≡ Menu

Does oily skin really overproduce sebum when dehydrated?

NOTE: Click here to read the follow up post on sebum regulation.

Al4galm asks…I have read many blogs, articles, etc that claim that oily skin produces more oil when is dehydrated. Is it true?
None of them reference studies.

The Beauty Brains respond: 

None of them referenced studies???  I’m tempted to report the bastards to the United Federation of Beauty Bloggers! Seriously though, if you do find a beauty blog that documents its sources of information you should bookmark it and sleep with it under your pillow! But back to your question…

The science of sebum

The answer lies in how sebum production is regulated – in other words what turns the sebum glands on and off. It’s not the presence or absence of moisture that triggers the production of oil, it’s the presence of sebum on the surface of skin. According to a study published in the Archiv für dermatologische Forschung, researchers stripped oil off skin and then measured how long it took the skin to re-oil itself. Their data indicates that the presence of oil on the skin’s surface sends a signal to the sebaceous glands to turn off. This signal is caused by either the pressure of the oil in the follicle or by the creation of a chemical signal that travels back down through the skin.

So it looks like it’s the amount of oil on the skin and not the degree of dehydration that determines how much oil the glands produce.

Comments on this entry are closed.

  • Kiera July 11, 2014, 4:41 pm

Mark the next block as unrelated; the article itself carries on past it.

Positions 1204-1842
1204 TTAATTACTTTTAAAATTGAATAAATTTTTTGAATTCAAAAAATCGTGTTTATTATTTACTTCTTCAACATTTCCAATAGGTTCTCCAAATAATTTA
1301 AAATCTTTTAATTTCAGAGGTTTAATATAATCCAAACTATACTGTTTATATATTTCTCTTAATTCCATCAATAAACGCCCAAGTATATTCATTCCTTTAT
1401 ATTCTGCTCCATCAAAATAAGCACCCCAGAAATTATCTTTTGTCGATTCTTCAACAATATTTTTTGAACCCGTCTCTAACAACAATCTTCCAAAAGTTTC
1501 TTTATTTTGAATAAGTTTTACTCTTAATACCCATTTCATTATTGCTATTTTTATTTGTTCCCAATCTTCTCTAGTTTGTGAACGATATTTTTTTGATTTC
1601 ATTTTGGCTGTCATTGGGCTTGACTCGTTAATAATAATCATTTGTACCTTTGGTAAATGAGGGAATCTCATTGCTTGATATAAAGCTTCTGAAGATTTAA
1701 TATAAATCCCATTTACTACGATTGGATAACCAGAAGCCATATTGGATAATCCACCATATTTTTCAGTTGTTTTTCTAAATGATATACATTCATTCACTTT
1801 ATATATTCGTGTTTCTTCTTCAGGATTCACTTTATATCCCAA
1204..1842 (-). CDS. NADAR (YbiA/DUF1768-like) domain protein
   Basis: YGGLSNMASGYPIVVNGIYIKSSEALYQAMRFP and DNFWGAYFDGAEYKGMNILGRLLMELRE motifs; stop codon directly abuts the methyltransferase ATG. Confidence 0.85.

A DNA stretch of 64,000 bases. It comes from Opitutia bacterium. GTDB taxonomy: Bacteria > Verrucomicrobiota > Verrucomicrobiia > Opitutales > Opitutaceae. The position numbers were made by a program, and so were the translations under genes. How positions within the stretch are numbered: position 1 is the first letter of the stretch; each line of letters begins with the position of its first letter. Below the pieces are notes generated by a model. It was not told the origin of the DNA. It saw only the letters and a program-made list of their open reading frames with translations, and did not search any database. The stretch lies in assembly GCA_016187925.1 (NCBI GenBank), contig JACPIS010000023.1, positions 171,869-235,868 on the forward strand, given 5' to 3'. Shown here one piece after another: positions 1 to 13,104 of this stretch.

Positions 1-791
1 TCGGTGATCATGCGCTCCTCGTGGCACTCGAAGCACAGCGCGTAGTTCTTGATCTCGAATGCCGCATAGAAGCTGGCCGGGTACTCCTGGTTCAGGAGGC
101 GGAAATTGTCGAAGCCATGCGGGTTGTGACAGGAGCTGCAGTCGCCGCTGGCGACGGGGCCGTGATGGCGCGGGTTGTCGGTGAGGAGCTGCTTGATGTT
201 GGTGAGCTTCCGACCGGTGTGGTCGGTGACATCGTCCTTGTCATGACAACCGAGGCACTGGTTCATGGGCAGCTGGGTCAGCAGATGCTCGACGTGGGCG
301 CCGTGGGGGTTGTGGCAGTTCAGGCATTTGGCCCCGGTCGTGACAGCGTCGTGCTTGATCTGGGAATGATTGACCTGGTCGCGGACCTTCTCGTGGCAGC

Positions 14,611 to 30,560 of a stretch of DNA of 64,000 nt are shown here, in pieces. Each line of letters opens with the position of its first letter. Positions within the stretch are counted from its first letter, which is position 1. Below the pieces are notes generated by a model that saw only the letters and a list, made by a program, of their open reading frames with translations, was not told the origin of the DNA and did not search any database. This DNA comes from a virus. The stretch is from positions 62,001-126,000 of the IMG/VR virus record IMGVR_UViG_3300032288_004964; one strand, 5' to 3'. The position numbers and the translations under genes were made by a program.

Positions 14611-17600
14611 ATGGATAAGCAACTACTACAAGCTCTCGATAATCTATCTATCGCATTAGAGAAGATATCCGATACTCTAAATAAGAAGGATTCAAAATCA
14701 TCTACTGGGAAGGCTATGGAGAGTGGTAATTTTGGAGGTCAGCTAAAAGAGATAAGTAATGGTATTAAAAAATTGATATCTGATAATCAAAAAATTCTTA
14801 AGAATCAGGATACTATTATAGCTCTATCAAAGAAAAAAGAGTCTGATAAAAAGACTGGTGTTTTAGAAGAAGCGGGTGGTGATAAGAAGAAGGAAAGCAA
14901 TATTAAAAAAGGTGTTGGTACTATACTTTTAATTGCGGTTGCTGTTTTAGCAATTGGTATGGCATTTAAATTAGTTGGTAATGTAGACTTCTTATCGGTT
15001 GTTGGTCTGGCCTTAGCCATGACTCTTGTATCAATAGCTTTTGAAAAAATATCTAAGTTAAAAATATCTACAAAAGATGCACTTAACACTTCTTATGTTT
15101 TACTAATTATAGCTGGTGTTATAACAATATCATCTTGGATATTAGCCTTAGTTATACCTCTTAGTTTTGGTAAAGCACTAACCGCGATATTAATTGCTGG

That study is old (1974) and there have been several studies since then that suggest conclusions about sebum production were made too hastily. Do a search for “Bryan” on the acne.org forums. He was known there as the “sebum master” for his extensive scientific literature review on sebaceous glands. He also was well-known in the hair loss community for his knowledge of sebum and its production. This guy would literally research PubMed and physical medical journals in the library for hours on this stuff. His take is that the most comprehensive view of the literature confirms that the skin does NOT have an external mechanism for regulating sebum according to the level of sebum on the skin, that sebum production is regulated internally.

  • Kiera July 11, 2014, 4:42 pm

    I should add that he died a few months ago but his posts are still floating around.

  • lejla July 12, 2014, 3:28 am

    as stated above, that study is old and has been falsified… skin does not have oil receptors.

  • Stephanie July 14, 2014, 1:32 pm

    This caught my attention because the last time I was sick, and I tend to dehydrate too easily, my face was not my normal over oily looking face. And I have that issue where I produce too much oil in spots so that I my skin flakes.

  • Lyn July 17, 2014, 12:12 pm

    I’m curious – are the authors going to respond to the comments here? Is the content of this post accurate, or not?

    • ahj July 17, 2014, 4:08 pm

      I also am very interested why Beauty Brains quote such a controversial study without further comments.

      • Randy Schueller July 17, 2014, 6:07 pm